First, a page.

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Meet Your New Tutor, ChatGPT

March 1, 2023
In Diego Marin’s math class, ChatGPT helps differentiate support for students at all levels

Diego Marin, known to his 1.4 million TikTok followers as mr.dmarin, was scrolling through the app when he learned about ChatGPT in December, 2022. The eighth grade math teacher “started doing a little digging” about the generative chatbot and soon introduced it to his students.

“When I first introduced it to them, I said, ‘Hey, do you guys want to see something pretty cool?’” the Chicago-based teacher recalled. “The way I explained it to them was this is like a very early-stage new kind of search engine for them.”

Marin projected ChatGPT on his classroom smart board. He told his students they could ask the bot anything, though he tried to keep the content math-focused.

Teacher Diego Marin
Teacher Diego Marin

“The kids were like, ‘Wait, so is there someone on the other end of the computer answering the questions?’” he says. “I assured them there was not a tiny human answering their questions.”

Marin has experimented with solving equations of linear systems. He says the tool has been helpful in differentiating classroom activities. For example, he has asked the chatbot to intentionally give a wrong answer, so that his students could find the mistake.

An early adopter of technology in the classroom, Marin has experimented with a slew of other tech tools. He says the benefit of ChatGPT is that it can provide individual support for students.

Given that every student in his classroom has an iPad, he asked them to make their own accounts and bookmark the site on their devices.

“There are students whose math confidence is very weak. All it takes is another person to push them along,” Marin said. “ChatGPT is like a personalized 1:1 tutor that is super valuable for students, especially in the math space.”

Marin was interviewed as part of the Walton Family Foundation's research into how ChatGPT is being used by teachers and students.

51% of teachers reported using ChatGPT. 40% of teachers use ChatGPT weekly.

Marin also pointed out a surprising physical benefit of ChatGPT: It frees him to move around the classroom while he’s teaching. “Sometimes when we’re teaching, we’re attached to our desk or a certain area,” he says. “It’s nice to be able to walk freely around the classroom as the AI types in real time.”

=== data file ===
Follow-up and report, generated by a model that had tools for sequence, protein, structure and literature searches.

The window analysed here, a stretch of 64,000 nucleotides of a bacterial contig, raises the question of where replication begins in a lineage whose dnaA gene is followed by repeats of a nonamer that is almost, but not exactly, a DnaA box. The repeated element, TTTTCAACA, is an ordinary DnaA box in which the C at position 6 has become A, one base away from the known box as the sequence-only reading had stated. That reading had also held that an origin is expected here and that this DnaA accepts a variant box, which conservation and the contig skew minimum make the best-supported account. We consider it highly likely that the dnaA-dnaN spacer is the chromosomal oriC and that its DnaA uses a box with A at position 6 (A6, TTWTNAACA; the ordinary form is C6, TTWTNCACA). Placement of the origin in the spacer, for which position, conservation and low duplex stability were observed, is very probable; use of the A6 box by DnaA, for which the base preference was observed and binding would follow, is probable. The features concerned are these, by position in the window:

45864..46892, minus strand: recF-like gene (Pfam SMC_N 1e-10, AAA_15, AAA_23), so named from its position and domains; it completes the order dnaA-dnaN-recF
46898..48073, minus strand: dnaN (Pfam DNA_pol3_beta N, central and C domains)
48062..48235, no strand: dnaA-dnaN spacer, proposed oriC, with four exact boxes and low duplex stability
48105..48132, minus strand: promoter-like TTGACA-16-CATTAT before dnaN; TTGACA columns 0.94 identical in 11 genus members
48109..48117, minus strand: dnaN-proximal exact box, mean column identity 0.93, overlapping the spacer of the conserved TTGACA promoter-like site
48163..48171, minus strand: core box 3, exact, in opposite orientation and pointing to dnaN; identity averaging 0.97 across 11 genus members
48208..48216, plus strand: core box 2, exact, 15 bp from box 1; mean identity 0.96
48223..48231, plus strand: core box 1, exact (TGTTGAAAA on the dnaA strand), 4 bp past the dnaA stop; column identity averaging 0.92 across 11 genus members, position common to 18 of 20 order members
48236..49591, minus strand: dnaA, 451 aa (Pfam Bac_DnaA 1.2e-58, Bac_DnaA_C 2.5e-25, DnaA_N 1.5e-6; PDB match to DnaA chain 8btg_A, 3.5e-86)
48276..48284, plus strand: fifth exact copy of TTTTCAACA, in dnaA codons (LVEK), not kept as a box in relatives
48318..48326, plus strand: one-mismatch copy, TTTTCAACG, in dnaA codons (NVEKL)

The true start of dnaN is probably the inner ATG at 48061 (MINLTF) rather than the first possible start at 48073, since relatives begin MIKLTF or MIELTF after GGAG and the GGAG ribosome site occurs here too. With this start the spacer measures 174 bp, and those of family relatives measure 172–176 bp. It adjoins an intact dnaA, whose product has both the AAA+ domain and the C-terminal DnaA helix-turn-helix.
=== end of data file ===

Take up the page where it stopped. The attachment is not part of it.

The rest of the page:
But Marin uses ChatGPT behind the scenes, too. As a math teacher, Marin is most comfortable working with numbers.

At times when he needs to verbalize his thoughts about student progress, ChatGPT has helped him find the words. From helping to write report card comments to generating draft emails to parents, ChatGPT has come in very handy. While he didn’t simply cut and paste, Marin called the output “a good starting point.”

Teacher Diego Marin reviews a school assignment with a student.
Chicago-based teacher Diego Marin reviews a school assignment with a student. He says ChatGPT has been a valuable resource to help students improve their math skills.

“My area of struggle is formulating my sentences where it sounds neutral, not too aggressive,” Marin said. “In the teacher world, time is precious. And when you have upwards of 75+ students, that saves a lot of time.”

Asked if he has concerns with the AI, Marin says he’s noticed that ChatGPT doesn’t solve math equations with 100% accuracy. His students noticed that, too. That helped him explain that ChatGPT is a great resource. But it’s not infallible.

Since students take his exams with pencil and paper, Marin isn’t concerned that students in his class will use ChatGPT to cheat.

I think this is only accelerating the change in education you see already.
Teacher Diego Marin

Overall, Marin says he thinks ChatGPT will push educators to reconsider how students are assessed. In his six years of teaching, he’s been involved in conversations about how to advance students’ higher order thinking. He believes the introduction of AI in the classroom will further those debates.

“If we’re concerned about how a student is cheating, we have to think about what kind of assessment or projects we’re giving them to begin with,” Marin says. “Are they really truly assessing student understanding or [are they] computation type of problems?”

“I think this is only accelerating the change in education you see already, which is more creative, more higher order thinking, and less of the robotic computation stuff that we’re used to – at least when we were in school.”

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